Essential Tips for Visiting Turkey in 2021

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Turkey is one of the most popular tourist destinations in the world, with more than 51 million people visiting the country in 2019. Turkey is a place that seems to have it all; sun, sea, sand, culture, nightlife, history, and unforgettable food. However, depending on where you are coming from, you might find your first visit to Turkey somewhat daunting.

 

Turkey is a very unique country with its own unique history and way of doing things. It is very hospitable to tourists and there is a well-developed tourist infrastructure designed to make your stay as pleasant as possible. That being said, if you want to ensure that your first trip to Turkey goes off without a hitch, there are some important things that you should know before you go.

 

1. You Might Need a Visa

For people from most countries around the world, a visa is absolutely necessary in order to gain entry into Turkey. However, Turkey has been liberalizing its visa laws significantly in recent years in order to boost tourism revenues, with the result being that visitors from virtually all European countries, including non-EU countries like the UK, Switzerland, and Norway, do not require a visa for stays of up to 90 days.

 

Virtually all non-European countries, including the US, Canada, Australia, and China require a visa that must be applied to from a Turkish embassy or consulate. However, many countries can take advantage of the e-visa scheme and apply online. Remember, you should book accommodation before applying for a visa, as this is an essential requirement for approval.

 

2. Pack for Cold Weather

When we think of Turkey, our minds often conjure up images of sun-kissed beaches and eternal heatwaves. However, this is not the case. No matter when you go in Turkey, you should pack as if you were going to Western Europe.

 

Temperatures in places like Istanbul and Cappadocia often fall below freezing in the evening, while spring and autumn can be cold, wet, and dark. Granted, there is no shortage of places in Turkey to soak up the rays, but as in much of Europe, the weather is unpredictable at best.

 

 

3. Know What’s Allowed

The local laws in Istanbul may well differ from those in your home country, so always do your research so that you know what is permissible and what is not. For example, it is legally required that all foreign visitors carry photo ID on their persons 100% of the time, or risk a fine and even a jail sentence. The consumption of alcohol, while widely permitted, is strictly controlled in certain neighborhoods and parts of the country.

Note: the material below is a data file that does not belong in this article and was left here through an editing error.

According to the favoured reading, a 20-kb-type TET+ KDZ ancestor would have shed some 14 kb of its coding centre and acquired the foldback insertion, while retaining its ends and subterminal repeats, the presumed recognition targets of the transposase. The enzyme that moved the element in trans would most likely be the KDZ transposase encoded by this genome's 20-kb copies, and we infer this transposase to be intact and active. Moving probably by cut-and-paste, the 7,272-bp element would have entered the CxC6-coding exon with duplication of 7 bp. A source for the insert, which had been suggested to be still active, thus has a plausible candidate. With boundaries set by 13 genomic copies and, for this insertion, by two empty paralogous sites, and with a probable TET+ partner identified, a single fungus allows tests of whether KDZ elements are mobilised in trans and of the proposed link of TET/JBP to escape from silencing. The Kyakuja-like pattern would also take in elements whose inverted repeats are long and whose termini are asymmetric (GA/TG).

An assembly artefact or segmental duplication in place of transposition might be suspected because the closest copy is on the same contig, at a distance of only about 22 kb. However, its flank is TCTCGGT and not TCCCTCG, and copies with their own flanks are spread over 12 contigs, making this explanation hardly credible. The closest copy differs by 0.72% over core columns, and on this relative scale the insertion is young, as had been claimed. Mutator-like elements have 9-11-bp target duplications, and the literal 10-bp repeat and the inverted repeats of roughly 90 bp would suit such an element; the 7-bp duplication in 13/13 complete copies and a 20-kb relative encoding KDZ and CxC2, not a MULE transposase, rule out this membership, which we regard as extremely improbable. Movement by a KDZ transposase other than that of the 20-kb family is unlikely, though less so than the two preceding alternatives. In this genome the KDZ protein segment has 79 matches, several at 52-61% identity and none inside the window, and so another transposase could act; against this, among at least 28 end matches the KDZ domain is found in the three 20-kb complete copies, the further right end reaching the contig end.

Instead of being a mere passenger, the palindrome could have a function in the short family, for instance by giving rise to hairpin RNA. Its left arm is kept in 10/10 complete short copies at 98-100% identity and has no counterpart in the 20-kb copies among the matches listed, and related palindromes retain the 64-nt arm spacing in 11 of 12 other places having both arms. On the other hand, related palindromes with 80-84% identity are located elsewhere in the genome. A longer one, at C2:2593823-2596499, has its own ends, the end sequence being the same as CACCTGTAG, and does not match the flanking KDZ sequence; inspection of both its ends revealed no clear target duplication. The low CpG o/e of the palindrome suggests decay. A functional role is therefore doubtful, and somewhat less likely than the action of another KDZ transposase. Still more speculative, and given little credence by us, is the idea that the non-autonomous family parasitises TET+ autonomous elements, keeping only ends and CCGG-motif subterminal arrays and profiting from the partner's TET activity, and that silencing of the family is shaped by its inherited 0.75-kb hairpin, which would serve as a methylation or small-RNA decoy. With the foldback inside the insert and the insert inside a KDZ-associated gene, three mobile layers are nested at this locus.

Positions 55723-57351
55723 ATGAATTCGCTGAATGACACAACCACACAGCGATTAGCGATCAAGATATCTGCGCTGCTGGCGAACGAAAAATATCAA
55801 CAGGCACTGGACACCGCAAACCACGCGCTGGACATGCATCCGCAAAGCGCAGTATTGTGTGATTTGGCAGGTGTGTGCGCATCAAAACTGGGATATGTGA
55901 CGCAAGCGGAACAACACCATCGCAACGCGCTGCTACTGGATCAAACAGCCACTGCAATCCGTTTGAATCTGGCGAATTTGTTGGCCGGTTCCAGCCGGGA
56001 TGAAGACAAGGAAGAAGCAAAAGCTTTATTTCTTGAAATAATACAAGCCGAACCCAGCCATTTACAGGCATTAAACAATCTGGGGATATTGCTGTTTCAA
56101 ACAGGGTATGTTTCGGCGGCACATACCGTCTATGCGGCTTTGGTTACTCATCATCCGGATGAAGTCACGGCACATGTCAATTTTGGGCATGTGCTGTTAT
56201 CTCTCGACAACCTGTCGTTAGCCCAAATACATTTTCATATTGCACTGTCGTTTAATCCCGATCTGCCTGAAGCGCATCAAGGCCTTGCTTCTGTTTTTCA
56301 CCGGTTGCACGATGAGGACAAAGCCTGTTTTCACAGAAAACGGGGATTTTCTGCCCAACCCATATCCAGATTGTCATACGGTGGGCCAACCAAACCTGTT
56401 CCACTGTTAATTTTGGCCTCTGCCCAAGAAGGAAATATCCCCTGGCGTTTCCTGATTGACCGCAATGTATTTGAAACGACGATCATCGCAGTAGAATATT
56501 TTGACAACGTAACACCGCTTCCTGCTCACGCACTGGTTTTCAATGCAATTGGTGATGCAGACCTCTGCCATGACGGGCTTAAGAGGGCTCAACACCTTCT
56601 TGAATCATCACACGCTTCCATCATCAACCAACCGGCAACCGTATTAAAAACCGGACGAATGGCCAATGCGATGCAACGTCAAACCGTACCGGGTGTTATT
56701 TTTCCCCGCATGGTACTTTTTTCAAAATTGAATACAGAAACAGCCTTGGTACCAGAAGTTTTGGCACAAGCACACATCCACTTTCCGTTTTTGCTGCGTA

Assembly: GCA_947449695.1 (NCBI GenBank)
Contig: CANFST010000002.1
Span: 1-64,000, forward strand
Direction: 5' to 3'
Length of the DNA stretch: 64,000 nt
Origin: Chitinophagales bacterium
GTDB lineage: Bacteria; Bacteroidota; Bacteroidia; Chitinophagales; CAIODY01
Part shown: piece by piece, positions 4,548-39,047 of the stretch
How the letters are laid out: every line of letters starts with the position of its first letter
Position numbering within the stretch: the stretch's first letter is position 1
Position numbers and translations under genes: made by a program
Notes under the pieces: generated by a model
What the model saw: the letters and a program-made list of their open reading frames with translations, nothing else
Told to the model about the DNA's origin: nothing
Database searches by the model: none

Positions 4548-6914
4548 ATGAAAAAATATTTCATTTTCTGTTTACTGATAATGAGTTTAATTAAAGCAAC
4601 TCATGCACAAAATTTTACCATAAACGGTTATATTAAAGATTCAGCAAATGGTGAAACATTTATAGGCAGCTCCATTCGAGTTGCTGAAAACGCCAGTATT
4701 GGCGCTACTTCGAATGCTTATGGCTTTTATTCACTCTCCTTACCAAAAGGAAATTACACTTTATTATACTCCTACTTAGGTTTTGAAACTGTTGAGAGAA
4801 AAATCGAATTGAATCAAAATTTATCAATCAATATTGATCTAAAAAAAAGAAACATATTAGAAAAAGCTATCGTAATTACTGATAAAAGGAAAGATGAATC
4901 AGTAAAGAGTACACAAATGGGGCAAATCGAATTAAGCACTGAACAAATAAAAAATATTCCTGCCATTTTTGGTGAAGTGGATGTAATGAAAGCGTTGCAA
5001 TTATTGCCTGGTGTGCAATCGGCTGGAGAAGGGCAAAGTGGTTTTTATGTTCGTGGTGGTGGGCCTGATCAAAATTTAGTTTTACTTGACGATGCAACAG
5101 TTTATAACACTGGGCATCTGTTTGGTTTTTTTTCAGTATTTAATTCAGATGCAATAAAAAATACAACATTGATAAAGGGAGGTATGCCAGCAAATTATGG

Also, if you wish to gamble in Turkey it is important to read up on the local situation. For example, all sports betting there is controlled by the state, meaning sports betting is only available through their approved providers. And while online casinos do not operate within Turkey, it is possible to access international online casinos that offer services to Turkish players from within the country.

 

4. Follow Local Customs

There are many local laws and customs that it is recommended to follow if you want to live like a local and attract the legendary hospitality of the Turkish people. All public displays of affection are frowned upon, so avoid this wherever possible. However, the customary greeting is a friendly kiss on both cheeks, so don’t shy away from this fun Turkish habit.

 

If you are ever invited into a Turkish person’s home, you should bring along some tea, as this is considered good manners. You should always carry cash in Turkey, as the vast majority of businesses will not accept international credit or debit cards. Although Turkey is a fairly liberal country, it is considered polite to cover up for both men and women, particularly if you are visiting a holy site or a place of strong historical importance. Follow these simple tips if you want to fit in and make some friends.

 

These are the important things you definitely need to know if you are planning on visiting Turkey next year. The adventure of a lifetime awaits you in this fascinating country.

 

By Stephen Adam

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